WASHINGTON — In possibly his most conventional political speech ever, President Donald Trump relayed a message of "unity and strength" as he laid out his vision for the country in speech before a joint session of Congress.
Using biblical quotes and mostly traditional Republican policy proposals, the new president repeatedly lobbied the American public to better work together after his administration has been marked by a chaotic start.
"I am asking all citizens to embrace this renewal of the American spirit," he said. "I am asking all members of Congress to join me in dreaming big and bold and daring things for our country. I am asking everyone watching tonight to seize this moment."
Republicans were pleasantly surprised, if not all-out gushing.
Minutes after the speech concluded, U.S. Michael McCaul, an Austin Republican, could be heard after the speech calling it "visionary" and "very inspiring."
"I was pleased," said U.S. Rep. Joe Barton, R-Ennis. "He was more presidential tonight, in a positive way."
And Trump's old rival, U.S. Sen. Ted Cruz, crowed to reporters about his impressions.
"I was encouraged," he said. "This was a speech that responded to so many people across this country who are struggling."
Democrats, however, hardly shared the same enthusiasm, particularly with Trump's remarks on immigration. Trump reiterated his plan to build a wall on the U.S. border with Mexico and said he was restoring "integrity and the rule of law to our borders."
U.S. Joaquin Castro, D-San Antonio, said that Trump was "dark and divisive" in his remarks and said the president "continued to scapegoat immigrants."
Castro seemed somewhat encouraged with reports that Trump softened his perspective on immigration in private comments to television anchors earlier in the day.
Castro said he hoped Trump would "extend a hand on immigration to try to reach a compromise and he seemed to allude to that."
"I hope that he's sincere about it," he added.
Cruz declined to weigh in on those reports, saying, "I make a policy of not trying to swat down every unsourced and unsubstantiated" report.
"I'll focus on actual substantive policy," he added.
U.S. Rep. Marc Veasey, a Fort Worth Democrat, took issue with comments Trump made about leveraging allies to pony up for common defense spending.
"Our partners must meet their financial obligations," Trump said. "And now, based on our very strong and frank discussions, they are beginning to do just that. In fact, I can tell you the money is pouring in. Very nice."
"What money flowing?" Veasey countered after the speech. "I'm on the House Armed Services Committee. He said the money's flowing already. There's no money flowing already. If that happened, it happened like in the last 20 minutes."
U.S. Rep. Lloyd Doggett, D-Austin, hammered Trump for his lack of specifics, stating the speech was "big on talk, short on details."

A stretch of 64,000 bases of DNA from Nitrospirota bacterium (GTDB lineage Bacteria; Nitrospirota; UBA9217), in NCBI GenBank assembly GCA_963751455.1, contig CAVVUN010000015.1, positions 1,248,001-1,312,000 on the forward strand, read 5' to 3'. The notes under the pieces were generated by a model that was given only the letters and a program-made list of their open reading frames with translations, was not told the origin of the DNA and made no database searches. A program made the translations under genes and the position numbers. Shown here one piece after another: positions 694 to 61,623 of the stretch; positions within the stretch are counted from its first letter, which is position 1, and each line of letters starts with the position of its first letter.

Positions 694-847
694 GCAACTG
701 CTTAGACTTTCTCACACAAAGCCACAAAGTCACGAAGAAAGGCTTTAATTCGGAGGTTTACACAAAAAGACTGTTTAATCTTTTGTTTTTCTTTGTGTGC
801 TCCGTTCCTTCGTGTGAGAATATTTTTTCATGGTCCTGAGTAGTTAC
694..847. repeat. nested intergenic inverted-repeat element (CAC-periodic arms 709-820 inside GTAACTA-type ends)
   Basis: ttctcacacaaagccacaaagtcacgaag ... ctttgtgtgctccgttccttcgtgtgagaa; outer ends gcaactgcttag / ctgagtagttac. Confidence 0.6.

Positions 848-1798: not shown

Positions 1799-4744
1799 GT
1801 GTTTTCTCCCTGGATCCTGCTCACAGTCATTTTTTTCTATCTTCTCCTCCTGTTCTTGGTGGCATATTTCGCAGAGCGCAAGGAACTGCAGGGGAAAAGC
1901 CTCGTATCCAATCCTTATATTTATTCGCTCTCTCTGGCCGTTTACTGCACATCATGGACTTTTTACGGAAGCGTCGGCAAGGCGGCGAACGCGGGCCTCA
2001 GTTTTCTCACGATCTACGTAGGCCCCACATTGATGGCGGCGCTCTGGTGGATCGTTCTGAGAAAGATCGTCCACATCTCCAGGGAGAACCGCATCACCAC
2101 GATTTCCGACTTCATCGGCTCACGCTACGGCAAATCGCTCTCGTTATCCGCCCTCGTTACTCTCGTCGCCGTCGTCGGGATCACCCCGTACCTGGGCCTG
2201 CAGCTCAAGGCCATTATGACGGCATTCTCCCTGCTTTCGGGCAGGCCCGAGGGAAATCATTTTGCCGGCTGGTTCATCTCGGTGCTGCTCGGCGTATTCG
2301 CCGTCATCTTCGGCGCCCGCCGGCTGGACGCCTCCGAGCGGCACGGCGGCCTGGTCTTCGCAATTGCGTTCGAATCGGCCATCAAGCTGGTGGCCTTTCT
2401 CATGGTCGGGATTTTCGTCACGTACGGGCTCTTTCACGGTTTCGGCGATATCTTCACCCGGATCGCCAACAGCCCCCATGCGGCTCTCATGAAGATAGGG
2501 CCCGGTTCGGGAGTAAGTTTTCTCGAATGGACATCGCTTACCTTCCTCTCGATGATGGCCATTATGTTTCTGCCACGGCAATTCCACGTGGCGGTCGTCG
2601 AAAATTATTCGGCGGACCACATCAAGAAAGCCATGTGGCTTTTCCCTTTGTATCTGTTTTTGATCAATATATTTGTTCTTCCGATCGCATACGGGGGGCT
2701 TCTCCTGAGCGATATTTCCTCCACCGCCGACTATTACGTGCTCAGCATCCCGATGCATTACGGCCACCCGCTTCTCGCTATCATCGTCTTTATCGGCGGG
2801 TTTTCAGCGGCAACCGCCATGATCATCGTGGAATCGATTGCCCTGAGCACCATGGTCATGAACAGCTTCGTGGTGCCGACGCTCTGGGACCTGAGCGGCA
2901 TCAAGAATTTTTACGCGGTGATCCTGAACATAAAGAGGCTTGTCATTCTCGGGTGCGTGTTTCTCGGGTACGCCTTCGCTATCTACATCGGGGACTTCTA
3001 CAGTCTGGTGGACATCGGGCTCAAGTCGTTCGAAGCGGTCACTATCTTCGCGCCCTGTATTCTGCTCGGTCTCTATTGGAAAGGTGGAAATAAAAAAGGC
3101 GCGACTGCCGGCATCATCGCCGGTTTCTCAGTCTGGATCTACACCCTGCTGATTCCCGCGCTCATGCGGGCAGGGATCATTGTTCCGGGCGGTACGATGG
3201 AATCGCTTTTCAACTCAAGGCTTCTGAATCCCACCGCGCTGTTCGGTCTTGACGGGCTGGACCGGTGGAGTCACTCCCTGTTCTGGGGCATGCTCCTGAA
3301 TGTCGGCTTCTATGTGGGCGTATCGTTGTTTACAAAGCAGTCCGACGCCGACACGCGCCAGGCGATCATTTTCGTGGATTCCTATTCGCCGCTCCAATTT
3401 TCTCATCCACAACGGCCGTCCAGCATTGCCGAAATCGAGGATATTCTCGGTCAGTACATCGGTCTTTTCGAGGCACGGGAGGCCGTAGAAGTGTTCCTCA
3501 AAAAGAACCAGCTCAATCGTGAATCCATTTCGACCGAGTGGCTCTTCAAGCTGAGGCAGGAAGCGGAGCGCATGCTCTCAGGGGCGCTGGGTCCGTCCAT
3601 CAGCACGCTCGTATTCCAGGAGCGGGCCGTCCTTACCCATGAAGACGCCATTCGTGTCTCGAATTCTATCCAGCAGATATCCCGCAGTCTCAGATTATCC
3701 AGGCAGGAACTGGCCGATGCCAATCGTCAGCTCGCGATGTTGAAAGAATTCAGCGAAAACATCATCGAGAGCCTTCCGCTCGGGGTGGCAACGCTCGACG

The main policy issue, however, was how to handle the future of former President Obama's 2010 health care overhaul. Trump promised in the speech to "repeal and replace" the law. But that process is proving to be more complicated and difficult by the day.
Trump touched on other topics, like promising a revamped travel ban for people from certain Muslim countries and lowering the cost of prescription drugs. He mostly avoided foreign affairs, but he did passingly mention the F-35, a Texas-manufactured fighter plane, and called it "fantastic."
Many members of Congress chose to make statements with their choices of guest in the chamber gallery. For instance, U.S. Rep. Filemon Vela, D-Brownsville, brought celebrity chef and immigrant José Andrés to send a message about the president's often incendiary immigration language.
Over and over, Trump aimed for a unity message.
But some Democrats, including a Texan, never heard those comments. U.S. Rep. Al Green, a Houston Democrat, opted against attending the speech.
"Although my desire was to attend tonight’s Joint Session of Congress, I cannot in good conscience do so given the action taken one day ago by the now Trump Justice Department to withdraw the its longstanding claim that the Texas Voter ID law intentionally discriminated against minorities," he said in a statement. "My action is more than a refusal to attend the joint session, it is my resistance and protestation to the normalization and legitimization of our President’s harmful behavior."
Like several dozen other House Democratic women, the delegation's two Democratic women, U.S. Reps. Eddie Bernice Johnson of Dallas and Sheila Jackson Lee of Houston, wore white to the speech. That color served as a quiet acknowledgment to women's suffrage and also to what could have been: Former Secretary of State Hillary Clinton wore the color on pivotal victory nights of her campaign.
But mostly, Jackson Lee earned attention for breaking a tradition. During both previous Democratic and Republican administrations, she was a fixture on the aisle — grabbing the president and cabinet members for a quick moment of issue lobbying and a hug.
But this year, she kept a bit of distance - sitting one seat over from the aisle.
- U.S. Rep. Sheila Jackson Lee's troubled image in Washington is often at odds with her friendships and persistence.
- Most Texas Republicans offered a muted response to questions about questions about Trump administration ties to Russia.